“Nomad Droids” is an episode divided into three mini-segments, all starring Artoo and Threepio. The first part is very much like the opening to the Wizard of Oz. There’s a hurricane of a battle and the droids get into the only safe place they can think of: a Y-wing. They’re whisked away to a foreign world where they encounter a pint-size civilization under the thumb of an evil leader. Our heroes are captured, freed, and accidentally kill the overlord, freeing the Brownie-like creatures to lead themselves. Think Wicked Witch of the East and the Munchkins.
Back in space, they find themselves on another planet, running low on power and playing out more scenes from The Wizard of Oz. That’s where they encounter a group of Pit droids who have enslaved an entire race with a giant hologram. (That might have been my favorite part of the episode).
In the third section, they’re abducted by pirates and are almost melted down before they’re saved by General Grievous.
At the end, they’re reunited with the Republic and no one seems to want to listen to their fantastical story.
Watching this episode, it’s important to remind people that Artoo and Threepio as a duo carried an entire show in the 80s on their shoulders. And they did it capably.
I can see where a lot of people might have an issue with these Artoo and Threepio. Their whimsical adventures aren’t the sort of fare we’ve been used to on the show, really since the beginning. Ambush (the first aired episode) is really the only one I can think of with this level of whimsy. They’re fun episodes and in the classic mold of old Saturday morning cartoons. It takes all the heart of those old stories and adds in the sensibilities of the new show and give us something unique to The Clone Wars.
How can you argue with that?
Some could, I’m sure. But I watched this episode with my kids and we all laughed hysterically through it. It was fun. And that’s what Star Wars is supposed to be. No matter how awesome or how epic things get, there’s always whimsy and humour there. Even when Star Wars is at its darkest, there’s lighthearted joking. The first half hour of Revenge of the Sith has plenty of laughs. And The Empire Strikes Back? It has some of the funniest moments in the entire saga. Consider this exchange between the droids:
C-3PO: I didn’t ask you to turn on the thermal heater. I merely commented that it was freezing in the princess’s chamber…
[Artoo whistles his objection]
C-3PO: But it’s supposed to be freezing! How we are ever going to dry out her clothes, I really don’t know!
And that leads into some great moments with Han.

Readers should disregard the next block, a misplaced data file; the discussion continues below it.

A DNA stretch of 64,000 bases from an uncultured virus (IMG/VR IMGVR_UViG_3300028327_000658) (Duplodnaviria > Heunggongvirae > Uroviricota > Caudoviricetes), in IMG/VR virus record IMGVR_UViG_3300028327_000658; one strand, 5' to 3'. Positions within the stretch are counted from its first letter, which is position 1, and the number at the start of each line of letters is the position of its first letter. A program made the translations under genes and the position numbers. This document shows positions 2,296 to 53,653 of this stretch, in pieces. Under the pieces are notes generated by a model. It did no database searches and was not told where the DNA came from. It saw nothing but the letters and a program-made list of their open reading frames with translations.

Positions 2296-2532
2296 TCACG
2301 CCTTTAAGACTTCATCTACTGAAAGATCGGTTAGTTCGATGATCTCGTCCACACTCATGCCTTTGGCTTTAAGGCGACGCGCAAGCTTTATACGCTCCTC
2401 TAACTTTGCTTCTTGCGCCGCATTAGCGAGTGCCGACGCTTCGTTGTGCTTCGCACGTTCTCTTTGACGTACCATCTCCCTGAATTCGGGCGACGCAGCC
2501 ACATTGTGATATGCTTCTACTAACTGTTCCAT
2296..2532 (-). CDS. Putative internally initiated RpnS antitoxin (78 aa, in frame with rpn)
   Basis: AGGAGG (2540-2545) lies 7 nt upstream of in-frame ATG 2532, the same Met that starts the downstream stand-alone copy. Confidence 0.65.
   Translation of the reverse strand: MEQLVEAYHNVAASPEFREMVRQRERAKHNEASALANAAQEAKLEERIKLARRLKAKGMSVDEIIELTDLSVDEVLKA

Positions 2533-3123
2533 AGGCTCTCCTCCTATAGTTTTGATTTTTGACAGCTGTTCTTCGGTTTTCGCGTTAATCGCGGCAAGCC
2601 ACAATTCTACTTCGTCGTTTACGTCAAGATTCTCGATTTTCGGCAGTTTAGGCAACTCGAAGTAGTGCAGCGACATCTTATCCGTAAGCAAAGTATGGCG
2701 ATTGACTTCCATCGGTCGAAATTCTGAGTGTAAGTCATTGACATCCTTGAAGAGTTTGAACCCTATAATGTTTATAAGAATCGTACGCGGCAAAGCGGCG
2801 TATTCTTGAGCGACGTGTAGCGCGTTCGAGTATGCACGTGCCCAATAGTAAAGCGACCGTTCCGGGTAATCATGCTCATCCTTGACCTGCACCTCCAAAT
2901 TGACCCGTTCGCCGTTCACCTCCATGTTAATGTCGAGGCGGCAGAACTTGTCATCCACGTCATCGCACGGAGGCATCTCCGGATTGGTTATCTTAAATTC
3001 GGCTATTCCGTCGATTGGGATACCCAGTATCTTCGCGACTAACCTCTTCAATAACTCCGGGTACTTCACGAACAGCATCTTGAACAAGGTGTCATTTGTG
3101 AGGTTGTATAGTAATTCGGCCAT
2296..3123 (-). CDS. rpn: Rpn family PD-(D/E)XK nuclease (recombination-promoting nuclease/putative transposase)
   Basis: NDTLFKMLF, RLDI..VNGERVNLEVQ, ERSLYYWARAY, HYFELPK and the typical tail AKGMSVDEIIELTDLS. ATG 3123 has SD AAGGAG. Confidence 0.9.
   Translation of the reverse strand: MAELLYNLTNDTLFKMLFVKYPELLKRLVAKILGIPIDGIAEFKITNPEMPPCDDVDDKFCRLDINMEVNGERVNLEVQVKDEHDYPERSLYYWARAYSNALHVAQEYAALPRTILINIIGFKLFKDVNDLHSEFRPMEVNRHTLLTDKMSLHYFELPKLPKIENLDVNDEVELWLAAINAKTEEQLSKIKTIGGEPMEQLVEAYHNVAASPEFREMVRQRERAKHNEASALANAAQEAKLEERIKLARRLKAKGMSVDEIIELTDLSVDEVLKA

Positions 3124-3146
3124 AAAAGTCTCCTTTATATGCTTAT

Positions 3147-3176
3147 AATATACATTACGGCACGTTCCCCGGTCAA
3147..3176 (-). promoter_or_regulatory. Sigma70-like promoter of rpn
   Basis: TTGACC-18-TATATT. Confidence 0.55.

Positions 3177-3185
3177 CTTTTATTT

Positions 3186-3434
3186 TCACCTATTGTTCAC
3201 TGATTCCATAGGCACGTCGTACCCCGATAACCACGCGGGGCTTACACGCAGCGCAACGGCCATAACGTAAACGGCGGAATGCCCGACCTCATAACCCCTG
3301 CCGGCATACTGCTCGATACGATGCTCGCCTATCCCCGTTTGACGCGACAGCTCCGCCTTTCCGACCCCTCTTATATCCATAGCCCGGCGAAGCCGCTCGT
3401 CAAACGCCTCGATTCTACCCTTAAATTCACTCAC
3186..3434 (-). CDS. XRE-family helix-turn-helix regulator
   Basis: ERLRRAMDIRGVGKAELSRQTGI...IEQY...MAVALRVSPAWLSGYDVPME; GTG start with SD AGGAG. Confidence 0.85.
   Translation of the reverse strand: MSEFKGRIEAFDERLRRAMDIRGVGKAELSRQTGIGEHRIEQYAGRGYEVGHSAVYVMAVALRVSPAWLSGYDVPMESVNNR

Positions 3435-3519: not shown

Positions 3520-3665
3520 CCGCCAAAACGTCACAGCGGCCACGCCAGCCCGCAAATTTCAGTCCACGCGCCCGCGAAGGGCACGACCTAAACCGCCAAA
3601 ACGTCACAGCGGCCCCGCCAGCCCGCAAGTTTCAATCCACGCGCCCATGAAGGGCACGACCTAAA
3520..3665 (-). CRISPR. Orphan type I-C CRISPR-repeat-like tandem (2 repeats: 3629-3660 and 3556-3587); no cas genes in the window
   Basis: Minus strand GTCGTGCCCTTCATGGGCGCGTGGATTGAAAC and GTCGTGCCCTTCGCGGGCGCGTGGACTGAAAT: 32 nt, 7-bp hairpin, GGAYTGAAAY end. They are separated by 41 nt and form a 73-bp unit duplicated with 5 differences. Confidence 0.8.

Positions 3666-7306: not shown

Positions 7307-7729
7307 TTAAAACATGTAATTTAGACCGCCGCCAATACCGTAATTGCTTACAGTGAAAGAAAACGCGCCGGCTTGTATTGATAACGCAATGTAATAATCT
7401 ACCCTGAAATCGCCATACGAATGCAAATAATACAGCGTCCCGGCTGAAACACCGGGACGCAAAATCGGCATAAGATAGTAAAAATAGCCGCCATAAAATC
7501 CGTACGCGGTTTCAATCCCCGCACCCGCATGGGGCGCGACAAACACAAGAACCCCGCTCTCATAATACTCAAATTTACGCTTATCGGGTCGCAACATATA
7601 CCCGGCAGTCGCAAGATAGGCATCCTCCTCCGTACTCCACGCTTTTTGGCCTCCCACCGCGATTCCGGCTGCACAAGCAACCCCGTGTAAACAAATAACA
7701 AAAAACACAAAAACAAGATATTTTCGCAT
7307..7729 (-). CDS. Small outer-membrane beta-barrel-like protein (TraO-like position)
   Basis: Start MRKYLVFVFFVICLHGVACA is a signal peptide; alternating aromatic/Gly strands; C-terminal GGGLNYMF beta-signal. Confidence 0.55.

What I’m trying to say is this: This show shouldn’t be one note. It will get soooo boring if it’s war all the time. It’s these brief respites that make me appreciate the war episodes even more. These are fun. The kids love them and so do. Sure, it doesn’t make the most sense in the world that the droids weren’t with Anakin and Padme, but these were fun episodes and that outweighs things. It’s important to have comedic moments woven into the tapestry of the films to break the tension, and for that same reason it’s important to have these lighthearted episodes to break the tension of the season.
But for as funny as this episode was, there was a LOT of killing… Which actually made me laugh. As the pirates were getting sucked out of the hole in the ship and into the vacuum of space, I started giggling about the whole thing. There is a hilarious amount of killing in this episode. Watch it again, you’ll see what I mean.
The animation for this episode was wondrous. The environments and the character models were things we hadn’t really seen before and even just for a throwaway episode. And I loved all the references to the classic trilogy. Most will recognize the shots in the hallway at the beginning with Artoo and Threepio looking for an escape pod as a direct homage to A New Hope, but did anyone else notice the direct visual reference to Empire? Their crash landing on that first planet seemed, shot for shot, just like Luke’s landing on Dagobah. Specifically: that shot in the cockpit.
I don’t automatically like every episode, trust me, but they make it incredibly hard for me to hate the episodes. From the gorgeous lighting, rich colours, fascinating design, and great characters all the way to the well-written stories and inspirations from the films I love the most. It all congeals into something that seems designed specifically for me to enjoy.
It just works.
If you’re whining about these episodes and can’t wait to get back into the war, The Umbarra arc is up next and Dee Bradley Baker assured me on more than one occasion that this is the show stopper. At least until Darth Maul returns.